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Russian Drunkenness
February 19, 2010 10:25


Nikolai Kopeikin

Everywhere we hear statements that Russians are the nation most intemperate in using of alcoholic drinks and it was allegedly like that from time immemorial. Often we, the Russians, also repeat the affirmations about the "historical predisposition" of Russians to alcohol. However, the history of Russia refutes this myth.

It is known, that in Old Rus’ there was no drunkenness at all. As a matter of fact, the population of Old Rus’ did not grow grapes, and so wine for the Holy Communion sacrament was brought from Byzantium. Fermented honey and beer were traditional intoxicating liquors in Russia back then.

The Hypatian Chronicle (XII century), one of the ancient Russian annals, describes how the Russian Prince Igor Vsevolodovich made his runaway from captivity. Everybody in the enemy camp got drunk with koumiss and fell asleep. Since Igor refused to take this drink, he managed to break free from the camp and left so far away to the steppe, that they did not even try to find him.

Wine in Russia was used for medical purposes and appeared under the following circumstances.

Prince Oleg on his return from Tsargrad in the year 907 brought gold, luxurious fabrics and numerous sorts of Greek wine to Kiev. In the beginning of the 16th century Russians tried the Burgundy wine, and later Canary wine. Only guests of honour were treated with these faults: they were poured one, or rarely, two tiny liqueur glasses, which they would savour for long. Besides, Malvasia was esteemed as medical wine good for relieving various pains. Red church wine brought from Greece was also considered a similar medicine.

From olden times one of the favourite drinks of the Russian people was kvass, which was very useful and was used not only as a beverage. As far back as the 10th century kvass was not only drank, but was widely used in banya (Russian steam bath) to add steam and also to poured it over the body for better health. Kvass became commonly used after the Novgorod bishop Niphont permitted monks to drink kvass and honey on holidays and during the Lent, because these drinks were very useful for health.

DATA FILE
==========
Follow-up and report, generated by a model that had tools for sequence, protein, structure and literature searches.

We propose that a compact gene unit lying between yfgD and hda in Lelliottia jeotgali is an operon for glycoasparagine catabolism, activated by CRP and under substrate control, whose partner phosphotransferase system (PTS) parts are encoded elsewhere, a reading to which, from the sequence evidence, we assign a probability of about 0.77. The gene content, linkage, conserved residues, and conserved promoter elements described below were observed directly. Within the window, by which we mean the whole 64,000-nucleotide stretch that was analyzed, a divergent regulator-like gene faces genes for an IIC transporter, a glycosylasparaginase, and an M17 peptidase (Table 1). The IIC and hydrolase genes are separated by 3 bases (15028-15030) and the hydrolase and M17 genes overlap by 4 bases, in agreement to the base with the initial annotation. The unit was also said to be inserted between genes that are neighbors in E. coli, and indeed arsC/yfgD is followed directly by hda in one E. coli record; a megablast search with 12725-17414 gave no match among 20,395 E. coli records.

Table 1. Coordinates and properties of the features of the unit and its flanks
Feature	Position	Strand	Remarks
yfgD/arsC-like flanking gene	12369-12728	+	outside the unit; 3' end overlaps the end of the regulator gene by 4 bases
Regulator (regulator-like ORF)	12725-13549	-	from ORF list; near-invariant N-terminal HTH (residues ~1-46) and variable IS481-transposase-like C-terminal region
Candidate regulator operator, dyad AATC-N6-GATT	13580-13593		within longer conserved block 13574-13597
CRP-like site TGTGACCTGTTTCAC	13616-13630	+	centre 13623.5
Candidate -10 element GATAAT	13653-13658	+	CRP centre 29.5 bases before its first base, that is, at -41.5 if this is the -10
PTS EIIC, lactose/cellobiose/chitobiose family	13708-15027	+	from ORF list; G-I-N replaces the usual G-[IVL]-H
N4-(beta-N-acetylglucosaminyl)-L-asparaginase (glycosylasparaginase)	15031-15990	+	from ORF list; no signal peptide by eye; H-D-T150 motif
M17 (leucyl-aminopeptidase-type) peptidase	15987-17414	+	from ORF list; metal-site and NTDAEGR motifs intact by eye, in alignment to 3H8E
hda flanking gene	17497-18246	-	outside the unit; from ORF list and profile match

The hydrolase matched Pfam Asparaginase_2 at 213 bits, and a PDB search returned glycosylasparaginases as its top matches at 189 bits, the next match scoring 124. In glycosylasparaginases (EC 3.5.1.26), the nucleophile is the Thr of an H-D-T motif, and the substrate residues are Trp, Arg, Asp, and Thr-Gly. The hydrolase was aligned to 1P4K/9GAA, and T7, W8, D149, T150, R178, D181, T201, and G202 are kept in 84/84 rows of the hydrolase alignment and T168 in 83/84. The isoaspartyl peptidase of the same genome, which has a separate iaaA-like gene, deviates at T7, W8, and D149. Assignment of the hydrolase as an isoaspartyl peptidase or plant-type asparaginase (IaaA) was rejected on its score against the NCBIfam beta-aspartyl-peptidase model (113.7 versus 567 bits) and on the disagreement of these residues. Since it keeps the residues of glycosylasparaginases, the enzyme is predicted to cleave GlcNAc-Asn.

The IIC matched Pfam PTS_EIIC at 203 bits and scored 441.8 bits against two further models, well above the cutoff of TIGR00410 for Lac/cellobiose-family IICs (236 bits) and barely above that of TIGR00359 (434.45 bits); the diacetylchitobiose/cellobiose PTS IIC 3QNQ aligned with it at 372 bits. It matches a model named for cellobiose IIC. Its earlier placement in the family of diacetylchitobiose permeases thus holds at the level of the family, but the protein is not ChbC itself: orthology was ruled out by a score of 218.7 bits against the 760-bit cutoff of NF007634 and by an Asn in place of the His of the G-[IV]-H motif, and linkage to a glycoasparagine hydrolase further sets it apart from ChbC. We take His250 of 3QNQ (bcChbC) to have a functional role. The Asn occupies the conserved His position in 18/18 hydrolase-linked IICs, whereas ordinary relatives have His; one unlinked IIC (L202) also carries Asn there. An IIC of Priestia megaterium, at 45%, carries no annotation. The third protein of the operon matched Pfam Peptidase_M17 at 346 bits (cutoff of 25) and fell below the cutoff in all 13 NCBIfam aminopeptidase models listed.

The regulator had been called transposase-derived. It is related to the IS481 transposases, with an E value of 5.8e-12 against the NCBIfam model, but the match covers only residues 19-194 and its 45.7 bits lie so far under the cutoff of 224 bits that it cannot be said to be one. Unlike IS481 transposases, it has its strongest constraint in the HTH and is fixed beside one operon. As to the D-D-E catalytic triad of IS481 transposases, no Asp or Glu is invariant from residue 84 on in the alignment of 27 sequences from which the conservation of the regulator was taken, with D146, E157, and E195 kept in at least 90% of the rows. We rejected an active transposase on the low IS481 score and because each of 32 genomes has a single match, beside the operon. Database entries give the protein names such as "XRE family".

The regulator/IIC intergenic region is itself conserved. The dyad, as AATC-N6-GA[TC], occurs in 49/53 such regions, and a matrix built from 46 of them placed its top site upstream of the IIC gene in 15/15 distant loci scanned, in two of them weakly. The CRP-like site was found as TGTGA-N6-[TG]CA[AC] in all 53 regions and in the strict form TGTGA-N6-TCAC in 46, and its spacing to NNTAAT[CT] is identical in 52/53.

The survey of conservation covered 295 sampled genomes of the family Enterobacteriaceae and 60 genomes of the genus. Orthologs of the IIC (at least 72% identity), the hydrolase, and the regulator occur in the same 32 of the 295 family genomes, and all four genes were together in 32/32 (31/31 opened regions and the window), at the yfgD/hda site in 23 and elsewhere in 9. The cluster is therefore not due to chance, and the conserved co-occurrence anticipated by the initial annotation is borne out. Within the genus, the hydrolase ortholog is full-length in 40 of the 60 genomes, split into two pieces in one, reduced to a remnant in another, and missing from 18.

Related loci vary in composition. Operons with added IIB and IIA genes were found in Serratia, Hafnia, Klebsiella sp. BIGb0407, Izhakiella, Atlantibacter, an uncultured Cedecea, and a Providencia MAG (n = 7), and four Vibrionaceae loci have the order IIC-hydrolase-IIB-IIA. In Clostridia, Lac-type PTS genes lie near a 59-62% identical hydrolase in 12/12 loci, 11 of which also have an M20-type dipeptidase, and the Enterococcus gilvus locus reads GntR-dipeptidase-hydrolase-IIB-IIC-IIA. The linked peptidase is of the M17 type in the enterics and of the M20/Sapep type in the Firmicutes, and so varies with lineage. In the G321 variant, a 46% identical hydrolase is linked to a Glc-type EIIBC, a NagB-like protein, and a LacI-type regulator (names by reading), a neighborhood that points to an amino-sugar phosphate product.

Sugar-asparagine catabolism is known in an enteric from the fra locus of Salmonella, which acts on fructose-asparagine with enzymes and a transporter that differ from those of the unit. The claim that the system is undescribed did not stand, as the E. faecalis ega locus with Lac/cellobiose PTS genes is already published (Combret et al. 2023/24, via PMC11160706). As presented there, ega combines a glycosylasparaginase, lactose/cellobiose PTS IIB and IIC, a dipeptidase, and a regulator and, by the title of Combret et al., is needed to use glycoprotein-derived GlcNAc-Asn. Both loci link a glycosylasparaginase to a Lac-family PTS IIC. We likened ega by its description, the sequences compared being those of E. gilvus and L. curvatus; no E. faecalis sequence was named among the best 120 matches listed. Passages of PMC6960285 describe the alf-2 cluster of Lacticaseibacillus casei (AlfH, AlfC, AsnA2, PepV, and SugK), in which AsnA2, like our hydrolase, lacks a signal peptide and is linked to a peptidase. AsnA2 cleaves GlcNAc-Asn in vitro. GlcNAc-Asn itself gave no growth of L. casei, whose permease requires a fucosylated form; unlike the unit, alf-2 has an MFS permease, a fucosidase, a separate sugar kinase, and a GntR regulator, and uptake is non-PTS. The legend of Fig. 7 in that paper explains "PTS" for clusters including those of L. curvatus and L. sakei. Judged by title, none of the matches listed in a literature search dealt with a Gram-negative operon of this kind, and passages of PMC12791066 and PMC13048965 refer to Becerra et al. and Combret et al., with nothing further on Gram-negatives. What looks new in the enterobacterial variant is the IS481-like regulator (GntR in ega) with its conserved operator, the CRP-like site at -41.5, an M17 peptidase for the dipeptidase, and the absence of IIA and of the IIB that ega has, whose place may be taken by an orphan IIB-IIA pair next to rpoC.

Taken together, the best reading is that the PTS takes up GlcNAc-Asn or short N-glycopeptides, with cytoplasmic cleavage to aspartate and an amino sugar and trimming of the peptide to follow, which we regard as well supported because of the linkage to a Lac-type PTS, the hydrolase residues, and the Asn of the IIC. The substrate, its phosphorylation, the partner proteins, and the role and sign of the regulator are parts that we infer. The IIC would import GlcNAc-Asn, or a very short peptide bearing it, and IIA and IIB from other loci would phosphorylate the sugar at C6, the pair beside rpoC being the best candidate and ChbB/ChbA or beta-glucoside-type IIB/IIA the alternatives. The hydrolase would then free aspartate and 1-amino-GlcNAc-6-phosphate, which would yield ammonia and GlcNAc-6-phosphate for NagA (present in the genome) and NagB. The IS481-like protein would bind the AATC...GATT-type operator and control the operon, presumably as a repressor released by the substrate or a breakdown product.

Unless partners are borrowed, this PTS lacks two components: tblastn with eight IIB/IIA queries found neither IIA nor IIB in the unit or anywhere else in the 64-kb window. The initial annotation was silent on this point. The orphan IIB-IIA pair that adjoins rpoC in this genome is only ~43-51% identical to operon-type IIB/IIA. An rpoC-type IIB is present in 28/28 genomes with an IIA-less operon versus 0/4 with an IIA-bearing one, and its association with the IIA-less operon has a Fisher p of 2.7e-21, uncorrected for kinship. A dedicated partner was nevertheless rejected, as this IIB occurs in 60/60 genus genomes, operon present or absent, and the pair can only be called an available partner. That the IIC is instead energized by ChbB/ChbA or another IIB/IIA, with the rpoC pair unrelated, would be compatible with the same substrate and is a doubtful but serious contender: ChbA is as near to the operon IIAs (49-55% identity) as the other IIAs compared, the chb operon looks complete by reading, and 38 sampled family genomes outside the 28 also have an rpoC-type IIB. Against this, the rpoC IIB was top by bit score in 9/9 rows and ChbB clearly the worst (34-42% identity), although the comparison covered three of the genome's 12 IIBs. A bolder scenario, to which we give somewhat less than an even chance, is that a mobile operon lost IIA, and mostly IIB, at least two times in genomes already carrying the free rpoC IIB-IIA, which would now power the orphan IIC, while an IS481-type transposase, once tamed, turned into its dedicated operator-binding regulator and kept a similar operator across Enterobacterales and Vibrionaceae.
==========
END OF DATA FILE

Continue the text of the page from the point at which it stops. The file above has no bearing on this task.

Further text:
The researcher of antiquity Pryzhkov in his Stories of taverns in Russia proves that our ancestors never suffered drunkenness. “Drinking was not a defect corroding the national organism. It evoked fun and pleasure, as illustrated by Prince Vladimir’s words: “Rus’ has joyful drinking – it cannot be otherwise”. But centuries later dabblers in science came to cite it as an example of Russian drunkenness.

The myth about Russians as the most drinking nation in the world is probably the steadiest of various myths. Though the myth was not born in Russia, it somehow set its roots in this country, becoming nearly a subject of national pride. Hardly any other peoples like it so much to tell about their defects, at times exaggerating it, as we do. Russian drunkenness is a favourite theme for jokes and domestic comedies. It has become almost trendy to talk about the tradition of Russian drunkenness.

In the modern world most of all alcohol (from 10 to 12 litres of alcohol per person) is taken in Ireland, Portugal, France, Germany, Czechia and Romania. Whereas in Russia consumption of alcohol reaches 8,6 litres, according to official and informal data.

So the myth about Russian drunkenness does not only set up a certain model of behaviour, providing an excuse for any sort of excesses, but also continues to spoil the international reputation of our country.

To read on the theme:
Russian Vodka
Russian Drinks

 

Sources:     old-rus.narod.ru


Tags: Russian Drinks Russian Customs Russian Vodka   

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